According to an IPSOS survey, only 9% of Europeans have taken part in learning programmes/courses on how to use online tools to distinguish true from false information online. How can voters identify the truth and avoid being misled if media literacy is still not widespread in Europe?

Indeed, this is a real challenge. But if you read something particularly strange online, I say: “Please, double check it. Not everything that surprises you should be taken for granted. Especially when it sounds quite strange and outrageous. Please, do not automatically believe it”.


Against this background, what more should the EU, in particular the European Parliament, do to promote the importance of media literacy?

We have done some legislation that obliges Internet platforms to remove fake news. It is a huge challenge because sometimes it comes in a very subtle way. This obligation is part of the Digital Service Act. If everybody read every week from our East Stratcom (e.g. The Task Force was set up to address Russia's ongoing disinformation campaigns) we would also be quite ahead, but that is definitely not something that we can expect. So, I am already happy if some of my colleagues read the East Stratcom update on Russian fake news every Thursday morning on their website. This is something that could strengthen or alert policy makers and other multiplicators that we are aware of the fake news the EU citizens are faced with.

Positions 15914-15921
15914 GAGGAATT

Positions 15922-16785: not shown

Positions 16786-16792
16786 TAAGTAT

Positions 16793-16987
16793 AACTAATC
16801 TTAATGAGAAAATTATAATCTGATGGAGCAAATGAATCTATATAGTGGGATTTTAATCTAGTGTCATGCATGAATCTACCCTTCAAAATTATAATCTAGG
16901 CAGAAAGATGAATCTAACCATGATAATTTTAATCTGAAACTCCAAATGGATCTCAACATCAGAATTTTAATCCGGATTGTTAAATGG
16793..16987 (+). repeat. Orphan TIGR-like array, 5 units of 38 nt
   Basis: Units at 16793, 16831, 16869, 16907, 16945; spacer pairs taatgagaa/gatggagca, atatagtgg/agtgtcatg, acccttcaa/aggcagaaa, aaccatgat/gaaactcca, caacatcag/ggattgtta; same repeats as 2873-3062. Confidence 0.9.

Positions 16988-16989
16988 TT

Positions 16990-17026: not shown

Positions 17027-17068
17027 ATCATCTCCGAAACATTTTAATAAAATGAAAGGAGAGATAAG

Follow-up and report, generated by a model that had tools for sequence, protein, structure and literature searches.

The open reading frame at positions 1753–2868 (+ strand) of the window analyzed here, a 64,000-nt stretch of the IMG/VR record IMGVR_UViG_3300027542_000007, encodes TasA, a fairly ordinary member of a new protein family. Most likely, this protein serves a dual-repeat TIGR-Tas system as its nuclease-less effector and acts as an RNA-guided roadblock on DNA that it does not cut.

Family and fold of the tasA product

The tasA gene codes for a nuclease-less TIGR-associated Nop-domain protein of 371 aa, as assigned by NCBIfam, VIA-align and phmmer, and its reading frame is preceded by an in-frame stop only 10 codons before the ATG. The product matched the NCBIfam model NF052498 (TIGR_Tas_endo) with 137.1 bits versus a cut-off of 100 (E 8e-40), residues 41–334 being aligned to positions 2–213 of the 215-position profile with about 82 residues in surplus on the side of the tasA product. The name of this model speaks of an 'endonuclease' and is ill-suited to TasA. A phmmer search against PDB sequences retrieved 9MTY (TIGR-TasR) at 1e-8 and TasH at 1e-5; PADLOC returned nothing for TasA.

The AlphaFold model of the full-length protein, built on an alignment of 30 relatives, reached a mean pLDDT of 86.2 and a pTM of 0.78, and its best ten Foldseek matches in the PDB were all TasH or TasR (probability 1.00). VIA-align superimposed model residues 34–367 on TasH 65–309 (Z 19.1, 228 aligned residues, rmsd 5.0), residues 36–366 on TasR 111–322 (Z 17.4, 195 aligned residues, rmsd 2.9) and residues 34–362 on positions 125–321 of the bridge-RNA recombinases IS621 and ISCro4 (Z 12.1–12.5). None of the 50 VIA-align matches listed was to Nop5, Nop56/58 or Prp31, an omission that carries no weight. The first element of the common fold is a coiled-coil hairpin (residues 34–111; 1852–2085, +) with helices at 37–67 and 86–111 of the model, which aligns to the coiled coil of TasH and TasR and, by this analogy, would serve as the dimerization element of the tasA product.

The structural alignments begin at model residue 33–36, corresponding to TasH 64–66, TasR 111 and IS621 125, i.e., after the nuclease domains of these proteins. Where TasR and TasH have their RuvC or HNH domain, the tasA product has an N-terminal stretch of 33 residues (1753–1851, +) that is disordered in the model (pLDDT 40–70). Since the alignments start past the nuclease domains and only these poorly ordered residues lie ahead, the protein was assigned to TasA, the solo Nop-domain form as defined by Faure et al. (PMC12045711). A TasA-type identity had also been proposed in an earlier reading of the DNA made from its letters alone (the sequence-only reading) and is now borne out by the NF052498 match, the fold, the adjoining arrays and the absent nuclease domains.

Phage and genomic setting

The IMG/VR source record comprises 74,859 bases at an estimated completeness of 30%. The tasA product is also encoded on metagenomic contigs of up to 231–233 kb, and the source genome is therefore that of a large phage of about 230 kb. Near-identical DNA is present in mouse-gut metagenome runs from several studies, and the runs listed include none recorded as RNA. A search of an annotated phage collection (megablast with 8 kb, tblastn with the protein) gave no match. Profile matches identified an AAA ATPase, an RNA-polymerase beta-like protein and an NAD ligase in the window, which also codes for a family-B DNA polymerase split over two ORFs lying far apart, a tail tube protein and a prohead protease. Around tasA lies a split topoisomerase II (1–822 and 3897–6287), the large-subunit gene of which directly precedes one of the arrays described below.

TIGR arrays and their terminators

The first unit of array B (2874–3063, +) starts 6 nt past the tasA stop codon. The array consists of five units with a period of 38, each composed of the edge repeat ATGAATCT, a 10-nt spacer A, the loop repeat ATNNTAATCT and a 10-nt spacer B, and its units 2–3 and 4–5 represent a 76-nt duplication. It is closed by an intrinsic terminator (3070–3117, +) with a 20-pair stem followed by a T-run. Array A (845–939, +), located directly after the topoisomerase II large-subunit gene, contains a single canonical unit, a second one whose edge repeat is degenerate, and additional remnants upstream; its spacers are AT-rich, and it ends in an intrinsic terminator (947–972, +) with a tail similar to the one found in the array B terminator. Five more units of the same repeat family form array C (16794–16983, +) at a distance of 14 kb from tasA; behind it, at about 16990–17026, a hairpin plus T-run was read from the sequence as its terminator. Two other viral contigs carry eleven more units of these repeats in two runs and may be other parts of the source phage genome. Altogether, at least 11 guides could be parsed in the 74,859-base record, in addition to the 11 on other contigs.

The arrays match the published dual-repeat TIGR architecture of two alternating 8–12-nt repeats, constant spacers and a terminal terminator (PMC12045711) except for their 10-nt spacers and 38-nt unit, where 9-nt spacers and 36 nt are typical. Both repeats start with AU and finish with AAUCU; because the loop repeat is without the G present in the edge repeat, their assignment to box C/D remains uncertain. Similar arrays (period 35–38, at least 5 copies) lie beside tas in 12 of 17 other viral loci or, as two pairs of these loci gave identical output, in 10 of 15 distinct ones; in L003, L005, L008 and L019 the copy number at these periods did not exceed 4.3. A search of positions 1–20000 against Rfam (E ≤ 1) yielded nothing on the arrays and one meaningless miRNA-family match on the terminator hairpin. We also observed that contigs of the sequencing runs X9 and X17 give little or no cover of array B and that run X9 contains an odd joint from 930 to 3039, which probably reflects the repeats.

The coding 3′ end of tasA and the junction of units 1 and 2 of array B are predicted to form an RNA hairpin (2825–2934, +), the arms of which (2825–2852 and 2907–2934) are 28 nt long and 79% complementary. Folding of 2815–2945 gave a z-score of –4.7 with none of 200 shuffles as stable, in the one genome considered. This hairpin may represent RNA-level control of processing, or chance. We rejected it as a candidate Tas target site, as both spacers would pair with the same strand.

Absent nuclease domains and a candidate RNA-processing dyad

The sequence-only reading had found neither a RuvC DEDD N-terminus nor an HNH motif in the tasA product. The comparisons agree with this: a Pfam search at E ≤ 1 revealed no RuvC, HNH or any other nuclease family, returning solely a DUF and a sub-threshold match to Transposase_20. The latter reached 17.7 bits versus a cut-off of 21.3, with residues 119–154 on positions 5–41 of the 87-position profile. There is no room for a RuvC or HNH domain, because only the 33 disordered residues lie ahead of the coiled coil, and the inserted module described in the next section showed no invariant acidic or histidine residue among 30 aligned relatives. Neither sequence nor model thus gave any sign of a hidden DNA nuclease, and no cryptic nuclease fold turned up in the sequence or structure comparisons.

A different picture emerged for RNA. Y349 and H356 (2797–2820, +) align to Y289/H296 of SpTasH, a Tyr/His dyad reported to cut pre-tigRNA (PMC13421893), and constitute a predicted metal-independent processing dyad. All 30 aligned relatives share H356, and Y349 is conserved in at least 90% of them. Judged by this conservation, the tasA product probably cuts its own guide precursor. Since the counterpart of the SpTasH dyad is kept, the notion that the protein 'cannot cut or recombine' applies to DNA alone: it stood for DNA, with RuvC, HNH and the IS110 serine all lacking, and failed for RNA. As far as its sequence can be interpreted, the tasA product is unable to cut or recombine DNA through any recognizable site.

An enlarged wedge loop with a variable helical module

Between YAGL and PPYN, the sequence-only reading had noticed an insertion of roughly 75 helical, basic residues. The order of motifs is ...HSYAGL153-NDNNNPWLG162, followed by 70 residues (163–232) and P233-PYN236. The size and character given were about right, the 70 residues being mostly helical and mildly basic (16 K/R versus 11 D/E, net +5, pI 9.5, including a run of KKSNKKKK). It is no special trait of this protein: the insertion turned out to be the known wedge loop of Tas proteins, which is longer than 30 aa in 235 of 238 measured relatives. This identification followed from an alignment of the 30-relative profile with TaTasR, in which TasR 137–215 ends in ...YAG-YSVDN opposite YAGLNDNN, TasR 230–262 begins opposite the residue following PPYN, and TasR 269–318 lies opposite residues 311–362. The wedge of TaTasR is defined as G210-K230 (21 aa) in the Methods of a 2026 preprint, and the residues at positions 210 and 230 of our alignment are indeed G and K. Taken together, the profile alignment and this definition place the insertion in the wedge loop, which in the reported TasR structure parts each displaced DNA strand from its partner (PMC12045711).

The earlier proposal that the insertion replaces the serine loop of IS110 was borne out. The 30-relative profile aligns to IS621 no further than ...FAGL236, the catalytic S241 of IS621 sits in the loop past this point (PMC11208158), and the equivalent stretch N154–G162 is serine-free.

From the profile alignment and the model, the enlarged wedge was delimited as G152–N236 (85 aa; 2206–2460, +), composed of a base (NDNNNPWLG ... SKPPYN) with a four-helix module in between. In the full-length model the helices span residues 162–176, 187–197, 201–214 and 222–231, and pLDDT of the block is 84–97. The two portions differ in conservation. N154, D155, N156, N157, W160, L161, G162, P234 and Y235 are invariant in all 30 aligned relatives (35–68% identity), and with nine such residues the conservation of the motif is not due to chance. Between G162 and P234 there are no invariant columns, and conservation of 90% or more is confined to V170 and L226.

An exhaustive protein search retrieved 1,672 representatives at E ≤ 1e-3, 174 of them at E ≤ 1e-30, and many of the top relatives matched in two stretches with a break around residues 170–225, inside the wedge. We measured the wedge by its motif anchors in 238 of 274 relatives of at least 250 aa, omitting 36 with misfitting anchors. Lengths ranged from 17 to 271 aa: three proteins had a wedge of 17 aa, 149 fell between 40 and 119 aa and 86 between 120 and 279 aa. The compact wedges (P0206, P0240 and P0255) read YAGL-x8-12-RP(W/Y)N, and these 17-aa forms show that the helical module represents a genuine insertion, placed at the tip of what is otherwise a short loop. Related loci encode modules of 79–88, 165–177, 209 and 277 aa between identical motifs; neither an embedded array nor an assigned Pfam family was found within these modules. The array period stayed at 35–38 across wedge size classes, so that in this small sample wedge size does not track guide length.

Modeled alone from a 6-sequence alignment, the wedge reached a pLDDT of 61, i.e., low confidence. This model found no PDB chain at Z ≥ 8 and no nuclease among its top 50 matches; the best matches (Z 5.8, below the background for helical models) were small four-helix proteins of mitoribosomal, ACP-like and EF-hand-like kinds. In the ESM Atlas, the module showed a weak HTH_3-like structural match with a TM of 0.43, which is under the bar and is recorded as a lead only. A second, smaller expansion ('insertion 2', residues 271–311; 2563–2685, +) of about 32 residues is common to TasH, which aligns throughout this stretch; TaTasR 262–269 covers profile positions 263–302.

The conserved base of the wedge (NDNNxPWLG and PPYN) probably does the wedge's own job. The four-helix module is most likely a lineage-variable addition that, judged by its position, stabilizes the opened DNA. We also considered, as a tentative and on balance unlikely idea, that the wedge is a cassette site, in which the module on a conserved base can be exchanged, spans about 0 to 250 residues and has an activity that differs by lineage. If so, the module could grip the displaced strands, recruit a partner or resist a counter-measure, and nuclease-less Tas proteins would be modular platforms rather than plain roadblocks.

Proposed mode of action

As you already have mentioned, the EU's main tool in the fight against disinformation is the Digital Services Act, which aims to improve the transparency and accountability of online services. What are the challenges of enforcing such regulations?

What we should do is to compare notes and to check best practices. In certain countries we have been more successful because this issue has been addressed in time. Finland is a very good example in this regard - they have shown quite a level of resilience against Russian attempts over many years to impress them in their direction. Such experience and practice should be spread around the EU, at national level, at regional level, in the schools and also among journalists. Perhaps journalists are key factors in ensuring that the truth is reported.


And then for the young ones who are watching TikTok - the policy makers and those in the educational sector should be at least as creative as the bad guys are. TikTok is the medium where the right-wing populists are the most active, while the mainstream parties are somehow almost helpless in reacting. So, perhaps we should have to take some more money in our hands and the most able people among our crowd who could respond and address that and contribute to a level playing field and not leave it to the extremists and the populists because we are simply too lazy, too complacent, too arrogant.


In recent years, disinformation has also been produced with the help of AI technologies - deepfakes, image manipulation, voice manipulation. What will be the main challenges for the EU in the next five years in terms of tackling this "evolved" form of disinformation?

Train the people to develop a sensitivity towards news that really seems to be unbelievable and outrageous. With all this Artificial Intelligence around us, let us work with our natural intelligence to become better again